There are at least two reasons why a probation violation (or “surrender hearing”) should be taken even more seriously than the original case. First, you no longer have a right to a trial. Second, the burden of proof is much lower at the surrender hearing. In order to find you in violation of your probation, the probation officer only has to prove the existence of a violation by a preponderance of the evidence. In other words, the judge only needs to find that there is a 51% chance that you did violate your probation.
If you receive a Notice of Probation Violation and Hearing, you should immediately call us at 781-773-8868 to schedule a consultation. The probation surrender process can seem much more informal and less serious than your case originally seemed. This is because you no longer have all of the constitutional protections that you enjoyed prior to being placed on probation.
Probation conditions can be imposed only by the judge who sentences who. If your probation officer adds a condition that was not mentioned by the sentencing judge, or your attorney, then you cannot be surrendered for violating that condition. This is because it is not a condition of your probation. This is true even if you signed a “probation contract” agreeing to the condition.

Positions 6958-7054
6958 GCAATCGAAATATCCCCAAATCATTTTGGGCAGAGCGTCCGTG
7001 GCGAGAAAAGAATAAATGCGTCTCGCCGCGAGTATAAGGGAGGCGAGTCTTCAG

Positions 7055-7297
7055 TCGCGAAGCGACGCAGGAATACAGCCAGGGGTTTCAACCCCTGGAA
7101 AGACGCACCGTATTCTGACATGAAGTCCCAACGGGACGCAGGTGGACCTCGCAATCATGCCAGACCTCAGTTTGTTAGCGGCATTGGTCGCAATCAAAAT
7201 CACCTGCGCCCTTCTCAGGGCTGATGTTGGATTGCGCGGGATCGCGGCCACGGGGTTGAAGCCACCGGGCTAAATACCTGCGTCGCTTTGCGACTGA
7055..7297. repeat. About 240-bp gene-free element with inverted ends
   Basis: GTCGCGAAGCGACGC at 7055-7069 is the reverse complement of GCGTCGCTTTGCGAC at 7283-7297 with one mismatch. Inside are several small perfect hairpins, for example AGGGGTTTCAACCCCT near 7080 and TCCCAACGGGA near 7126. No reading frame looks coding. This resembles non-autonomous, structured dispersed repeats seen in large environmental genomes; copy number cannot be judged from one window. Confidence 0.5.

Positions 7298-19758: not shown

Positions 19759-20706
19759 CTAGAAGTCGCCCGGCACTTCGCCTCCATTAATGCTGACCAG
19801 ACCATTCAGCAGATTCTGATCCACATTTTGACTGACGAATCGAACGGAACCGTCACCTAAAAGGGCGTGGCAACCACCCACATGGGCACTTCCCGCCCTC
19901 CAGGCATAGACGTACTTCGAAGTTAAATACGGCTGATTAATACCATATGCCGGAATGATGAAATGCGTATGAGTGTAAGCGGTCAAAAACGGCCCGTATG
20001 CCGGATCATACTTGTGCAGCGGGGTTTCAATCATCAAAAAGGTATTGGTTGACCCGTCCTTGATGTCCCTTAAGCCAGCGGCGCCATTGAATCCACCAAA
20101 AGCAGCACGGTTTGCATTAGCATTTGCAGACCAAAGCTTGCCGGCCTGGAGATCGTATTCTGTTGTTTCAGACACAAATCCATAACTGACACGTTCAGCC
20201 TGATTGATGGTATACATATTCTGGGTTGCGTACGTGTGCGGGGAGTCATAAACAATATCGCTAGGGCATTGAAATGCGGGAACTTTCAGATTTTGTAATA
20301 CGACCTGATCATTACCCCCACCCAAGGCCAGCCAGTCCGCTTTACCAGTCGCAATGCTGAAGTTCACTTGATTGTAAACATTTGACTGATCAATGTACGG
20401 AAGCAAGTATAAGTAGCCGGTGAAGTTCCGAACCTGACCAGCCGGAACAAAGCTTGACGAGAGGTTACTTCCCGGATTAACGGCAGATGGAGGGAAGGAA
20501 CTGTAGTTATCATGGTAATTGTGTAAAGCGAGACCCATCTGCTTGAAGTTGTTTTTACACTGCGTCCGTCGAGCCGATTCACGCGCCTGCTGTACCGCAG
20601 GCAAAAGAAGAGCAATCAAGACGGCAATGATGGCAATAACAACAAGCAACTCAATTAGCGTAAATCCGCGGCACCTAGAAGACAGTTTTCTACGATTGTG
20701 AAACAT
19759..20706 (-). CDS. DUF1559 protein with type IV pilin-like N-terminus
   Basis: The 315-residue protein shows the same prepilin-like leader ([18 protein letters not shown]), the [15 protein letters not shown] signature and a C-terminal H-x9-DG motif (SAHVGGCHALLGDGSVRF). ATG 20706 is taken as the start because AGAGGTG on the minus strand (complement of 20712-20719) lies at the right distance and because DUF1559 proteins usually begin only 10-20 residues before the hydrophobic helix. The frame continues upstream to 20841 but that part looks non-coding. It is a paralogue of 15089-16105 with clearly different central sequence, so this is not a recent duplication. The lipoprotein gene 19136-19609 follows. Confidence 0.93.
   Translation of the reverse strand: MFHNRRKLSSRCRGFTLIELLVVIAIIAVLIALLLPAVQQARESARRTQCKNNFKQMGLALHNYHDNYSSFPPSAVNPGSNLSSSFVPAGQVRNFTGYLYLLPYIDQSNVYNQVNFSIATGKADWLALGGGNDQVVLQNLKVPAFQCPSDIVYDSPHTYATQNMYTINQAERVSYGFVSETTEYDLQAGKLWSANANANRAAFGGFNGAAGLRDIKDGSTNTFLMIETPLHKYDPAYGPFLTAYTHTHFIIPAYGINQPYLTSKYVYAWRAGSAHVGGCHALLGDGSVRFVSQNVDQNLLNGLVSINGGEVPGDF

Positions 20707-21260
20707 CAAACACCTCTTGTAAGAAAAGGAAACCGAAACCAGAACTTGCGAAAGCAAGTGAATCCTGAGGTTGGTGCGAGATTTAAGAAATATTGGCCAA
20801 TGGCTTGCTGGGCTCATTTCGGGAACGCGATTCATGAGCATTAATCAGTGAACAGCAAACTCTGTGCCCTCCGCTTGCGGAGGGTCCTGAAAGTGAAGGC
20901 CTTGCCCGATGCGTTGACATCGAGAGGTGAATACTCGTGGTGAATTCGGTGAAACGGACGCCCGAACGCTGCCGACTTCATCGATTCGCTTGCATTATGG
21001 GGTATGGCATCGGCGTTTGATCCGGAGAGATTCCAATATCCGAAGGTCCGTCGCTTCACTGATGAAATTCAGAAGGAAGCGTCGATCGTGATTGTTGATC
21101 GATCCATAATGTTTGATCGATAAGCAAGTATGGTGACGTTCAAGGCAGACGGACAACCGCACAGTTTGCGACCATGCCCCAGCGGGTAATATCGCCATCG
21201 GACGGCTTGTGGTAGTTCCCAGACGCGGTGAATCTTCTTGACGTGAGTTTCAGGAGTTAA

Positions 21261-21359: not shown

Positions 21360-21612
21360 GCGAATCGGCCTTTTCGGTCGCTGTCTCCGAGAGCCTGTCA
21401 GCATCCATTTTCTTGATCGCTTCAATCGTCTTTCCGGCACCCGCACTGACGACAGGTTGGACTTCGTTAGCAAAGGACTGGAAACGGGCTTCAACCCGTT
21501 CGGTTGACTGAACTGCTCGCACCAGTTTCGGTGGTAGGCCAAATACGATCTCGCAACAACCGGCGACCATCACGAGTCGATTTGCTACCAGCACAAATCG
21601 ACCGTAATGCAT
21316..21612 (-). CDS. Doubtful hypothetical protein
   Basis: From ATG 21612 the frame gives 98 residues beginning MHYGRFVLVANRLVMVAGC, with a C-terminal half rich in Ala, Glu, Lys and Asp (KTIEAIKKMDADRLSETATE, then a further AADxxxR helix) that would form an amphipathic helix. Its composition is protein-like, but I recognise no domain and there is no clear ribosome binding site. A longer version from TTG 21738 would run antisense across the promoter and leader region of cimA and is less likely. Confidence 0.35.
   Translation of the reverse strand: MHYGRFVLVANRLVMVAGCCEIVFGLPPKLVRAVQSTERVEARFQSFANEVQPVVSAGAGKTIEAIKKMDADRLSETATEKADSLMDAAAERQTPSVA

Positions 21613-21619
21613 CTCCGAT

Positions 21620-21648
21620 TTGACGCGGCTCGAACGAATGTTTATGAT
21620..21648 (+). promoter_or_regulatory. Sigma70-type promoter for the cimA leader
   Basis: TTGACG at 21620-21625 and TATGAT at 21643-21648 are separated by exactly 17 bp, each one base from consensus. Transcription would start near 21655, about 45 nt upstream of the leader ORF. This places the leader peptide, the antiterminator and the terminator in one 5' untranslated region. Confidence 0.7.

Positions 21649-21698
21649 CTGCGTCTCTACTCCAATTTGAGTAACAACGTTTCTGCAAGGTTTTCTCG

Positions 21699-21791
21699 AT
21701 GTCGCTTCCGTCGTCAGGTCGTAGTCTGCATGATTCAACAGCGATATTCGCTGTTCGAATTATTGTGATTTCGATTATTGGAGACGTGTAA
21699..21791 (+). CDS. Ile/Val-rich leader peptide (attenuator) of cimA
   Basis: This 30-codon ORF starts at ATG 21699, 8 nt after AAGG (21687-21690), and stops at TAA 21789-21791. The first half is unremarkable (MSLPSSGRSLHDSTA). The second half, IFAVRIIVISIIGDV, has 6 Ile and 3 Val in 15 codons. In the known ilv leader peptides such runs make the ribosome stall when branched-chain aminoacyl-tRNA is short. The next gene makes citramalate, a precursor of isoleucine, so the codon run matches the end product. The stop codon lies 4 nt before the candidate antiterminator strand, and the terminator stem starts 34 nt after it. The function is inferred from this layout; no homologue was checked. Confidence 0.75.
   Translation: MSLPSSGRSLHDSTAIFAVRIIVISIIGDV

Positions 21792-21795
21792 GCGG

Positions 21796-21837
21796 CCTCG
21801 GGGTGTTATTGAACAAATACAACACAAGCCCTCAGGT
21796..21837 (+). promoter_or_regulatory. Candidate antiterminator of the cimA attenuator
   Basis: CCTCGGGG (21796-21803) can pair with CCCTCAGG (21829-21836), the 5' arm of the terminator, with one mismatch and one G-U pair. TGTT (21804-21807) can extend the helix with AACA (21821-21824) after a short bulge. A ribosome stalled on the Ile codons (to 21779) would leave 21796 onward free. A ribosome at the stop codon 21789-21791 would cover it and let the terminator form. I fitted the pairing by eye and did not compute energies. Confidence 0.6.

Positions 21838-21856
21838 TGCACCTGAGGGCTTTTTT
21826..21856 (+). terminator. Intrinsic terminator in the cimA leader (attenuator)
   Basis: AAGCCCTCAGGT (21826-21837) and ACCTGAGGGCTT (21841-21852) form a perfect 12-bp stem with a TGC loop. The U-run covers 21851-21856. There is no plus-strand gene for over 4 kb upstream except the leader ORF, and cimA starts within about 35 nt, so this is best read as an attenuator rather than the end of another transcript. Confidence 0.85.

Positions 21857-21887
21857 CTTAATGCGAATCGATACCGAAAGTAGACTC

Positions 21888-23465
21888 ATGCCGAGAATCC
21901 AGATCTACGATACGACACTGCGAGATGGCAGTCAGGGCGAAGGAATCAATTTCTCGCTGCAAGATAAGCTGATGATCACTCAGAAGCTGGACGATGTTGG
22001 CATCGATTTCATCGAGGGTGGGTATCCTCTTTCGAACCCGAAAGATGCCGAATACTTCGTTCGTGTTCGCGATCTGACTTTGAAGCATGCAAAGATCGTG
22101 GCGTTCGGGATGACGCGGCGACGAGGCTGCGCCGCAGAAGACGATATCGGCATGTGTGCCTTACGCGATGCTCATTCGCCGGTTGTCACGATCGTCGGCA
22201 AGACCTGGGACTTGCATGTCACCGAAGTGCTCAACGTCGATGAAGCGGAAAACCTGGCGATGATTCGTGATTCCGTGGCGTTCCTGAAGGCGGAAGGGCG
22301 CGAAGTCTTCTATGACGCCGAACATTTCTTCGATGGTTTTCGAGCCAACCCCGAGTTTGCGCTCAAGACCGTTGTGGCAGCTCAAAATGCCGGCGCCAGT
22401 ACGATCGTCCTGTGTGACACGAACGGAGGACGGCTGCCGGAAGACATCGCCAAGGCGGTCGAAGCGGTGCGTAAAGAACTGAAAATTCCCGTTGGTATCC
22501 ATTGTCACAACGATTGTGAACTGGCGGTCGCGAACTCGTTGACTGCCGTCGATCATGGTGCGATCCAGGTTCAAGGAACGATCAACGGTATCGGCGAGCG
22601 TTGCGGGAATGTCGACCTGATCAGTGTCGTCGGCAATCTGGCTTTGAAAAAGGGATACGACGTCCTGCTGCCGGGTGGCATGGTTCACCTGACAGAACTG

The first time you appear in court after receiving your violation notice will be for the preliminary surrender hearing. You will typically be summoned to appear for this hearing. Receiving a violation notice is a serious event. If you are in this situation, you should contact us immediately. Our firm has successfully resolved many probation violation issues at or prior to the preliminary surrender hearing. Getting ahead of this situation is not only cost effective, but it can also significantly reduce the risk of incarceration.
Probation officers have a difficult job, and they usually have far more cases than they can handle.